Much has been made about the value of teamwork in accomplishing a company’s goals. Michael Hammer, management consultant, uses a football analogy to point out the value of a relatively flat organisation. Each of the offensive and defensive players has a particular job, but it is executed by co-operating with team mates. A coach oversees the process of carrying out the team’s game plan, assisting the offensive and defensive coaches. In addition, personal coaches give players individual guidance. To respond to changing circumstances, each player must be responsive to several coaches. Sometimes personal initiative is required. Similarly, the manager in a business coaches team members to do their jobs. Managers are not necessarily more capable of performing these tasks than employees, but they are in a position to coordinate the parts of the process and, when necessary, offer individual encouragement and guidance. Like the football team, the effective organisation must not have too many layers of management, otherwise top managers are too far removed from the work processes to offer any useful supervision.

If you don’t know where you are going, how can you expect to get there? Basil Walsh

Strategy consultant Adrian J. Slywotzky has a different set of sports analogies. He sees football as descriptive of business in the 1960′s and 1970′s: The pace of football is fast during plays, but quiet during the considerable downtime between plays. Similarly, large firms that made successful plays could take time to catch their corporate breath before the next play. Slywotzky sees the quicker pace of the 1980′s in terms of basketball. Speed in getting new products to market became a more important consideration, especially for producers of new electronic equipment. Then came the 1990′s, with their chess-like mind games. Each move is strategic, but even more important than the next move is a mastery of patterns of moves. Knowing the possibilities for changing the position of each piece and having alternatives series of moves can enable the player to adjust the changing situations. Today, like the well-rounded athlete who learns the rules and strategies of each new game and practices new skills, a serious player in the business field develops the moves and muscle to be a winner.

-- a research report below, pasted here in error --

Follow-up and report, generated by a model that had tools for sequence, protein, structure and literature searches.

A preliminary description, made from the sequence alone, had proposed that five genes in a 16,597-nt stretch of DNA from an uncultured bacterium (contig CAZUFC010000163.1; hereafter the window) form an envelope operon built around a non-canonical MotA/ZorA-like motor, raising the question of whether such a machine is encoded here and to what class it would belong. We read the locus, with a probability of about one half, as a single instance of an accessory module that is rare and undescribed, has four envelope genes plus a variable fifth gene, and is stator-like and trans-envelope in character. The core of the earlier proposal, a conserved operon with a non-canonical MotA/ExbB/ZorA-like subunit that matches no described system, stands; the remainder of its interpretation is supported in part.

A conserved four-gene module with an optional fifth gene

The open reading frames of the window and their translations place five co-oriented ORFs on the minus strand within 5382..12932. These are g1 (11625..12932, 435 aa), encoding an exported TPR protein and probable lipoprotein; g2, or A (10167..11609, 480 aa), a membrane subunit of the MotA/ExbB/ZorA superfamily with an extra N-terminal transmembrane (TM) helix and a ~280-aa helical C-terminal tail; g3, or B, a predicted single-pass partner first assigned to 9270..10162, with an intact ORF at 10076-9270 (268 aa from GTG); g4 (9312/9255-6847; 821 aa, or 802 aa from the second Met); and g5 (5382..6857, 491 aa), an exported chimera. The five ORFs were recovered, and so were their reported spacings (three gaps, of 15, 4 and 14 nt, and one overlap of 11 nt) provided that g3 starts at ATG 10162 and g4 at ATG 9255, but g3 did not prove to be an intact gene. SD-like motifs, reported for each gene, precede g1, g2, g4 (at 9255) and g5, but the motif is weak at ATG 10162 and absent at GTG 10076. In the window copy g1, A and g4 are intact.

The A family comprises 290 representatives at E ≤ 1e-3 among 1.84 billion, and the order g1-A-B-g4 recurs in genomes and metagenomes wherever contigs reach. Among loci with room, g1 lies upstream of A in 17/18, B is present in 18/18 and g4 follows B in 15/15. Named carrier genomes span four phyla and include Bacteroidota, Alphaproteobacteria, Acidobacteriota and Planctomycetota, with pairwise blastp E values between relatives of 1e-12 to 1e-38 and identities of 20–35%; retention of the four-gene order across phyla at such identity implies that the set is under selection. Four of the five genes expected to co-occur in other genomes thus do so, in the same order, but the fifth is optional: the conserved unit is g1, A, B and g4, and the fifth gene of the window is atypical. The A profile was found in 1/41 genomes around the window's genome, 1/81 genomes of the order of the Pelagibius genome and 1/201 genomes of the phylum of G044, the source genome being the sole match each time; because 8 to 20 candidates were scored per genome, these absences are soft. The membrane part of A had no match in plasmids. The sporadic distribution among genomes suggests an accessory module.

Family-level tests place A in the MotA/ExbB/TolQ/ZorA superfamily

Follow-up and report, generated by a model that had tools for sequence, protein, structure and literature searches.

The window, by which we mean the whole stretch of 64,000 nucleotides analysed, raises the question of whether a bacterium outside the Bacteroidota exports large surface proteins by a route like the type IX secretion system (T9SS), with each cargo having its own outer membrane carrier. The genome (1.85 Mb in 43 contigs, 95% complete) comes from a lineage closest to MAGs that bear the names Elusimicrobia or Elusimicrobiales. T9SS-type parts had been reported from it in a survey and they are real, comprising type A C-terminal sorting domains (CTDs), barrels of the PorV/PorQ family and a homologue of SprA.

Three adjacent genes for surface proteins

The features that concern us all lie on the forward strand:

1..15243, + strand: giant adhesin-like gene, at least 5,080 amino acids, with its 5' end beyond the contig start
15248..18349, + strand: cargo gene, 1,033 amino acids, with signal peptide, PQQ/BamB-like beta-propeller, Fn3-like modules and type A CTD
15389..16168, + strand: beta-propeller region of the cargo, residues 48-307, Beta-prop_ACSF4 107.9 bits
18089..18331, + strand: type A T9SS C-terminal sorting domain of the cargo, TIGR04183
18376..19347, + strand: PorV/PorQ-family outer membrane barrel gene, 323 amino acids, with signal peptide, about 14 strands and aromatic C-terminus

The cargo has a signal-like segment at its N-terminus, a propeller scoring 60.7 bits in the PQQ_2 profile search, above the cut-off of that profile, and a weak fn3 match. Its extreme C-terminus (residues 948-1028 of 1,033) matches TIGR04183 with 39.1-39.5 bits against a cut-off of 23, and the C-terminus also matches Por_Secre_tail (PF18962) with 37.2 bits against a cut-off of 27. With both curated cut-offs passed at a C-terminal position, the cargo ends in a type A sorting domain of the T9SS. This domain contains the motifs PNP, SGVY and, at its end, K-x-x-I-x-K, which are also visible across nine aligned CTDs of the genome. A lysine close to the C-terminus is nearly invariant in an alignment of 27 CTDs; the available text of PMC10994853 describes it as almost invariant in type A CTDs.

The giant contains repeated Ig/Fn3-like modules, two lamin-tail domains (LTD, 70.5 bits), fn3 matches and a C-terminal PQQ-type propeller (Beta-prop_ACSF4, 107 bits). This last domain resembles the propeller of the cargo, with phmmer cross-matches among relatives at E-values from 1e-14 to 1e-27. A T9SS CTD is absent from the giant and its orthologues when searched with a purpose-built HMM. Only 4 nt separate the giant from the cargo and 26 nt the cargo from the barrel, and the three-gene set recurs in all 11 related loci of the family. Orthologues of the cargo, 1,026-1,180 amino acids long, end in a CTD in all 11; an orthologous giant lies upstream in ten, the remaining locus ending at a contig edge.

Sources: Philip Kotler, an acknowledged master of marketing

From small to large business BlueTree Specific Skills has the focussed knowledge of a chess player, the aptitude and strength of an athlete. Our core business strategy knowledge enables us to view business from the outside in and encourage, cultivate and empower a company to plan for the future and watch those plan come to fruition.

No matter what size your business is, to enjoy the present and prepare for the future talk to BlueTree.

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Strategic Business DevelopmentBlue Tree Specific Skills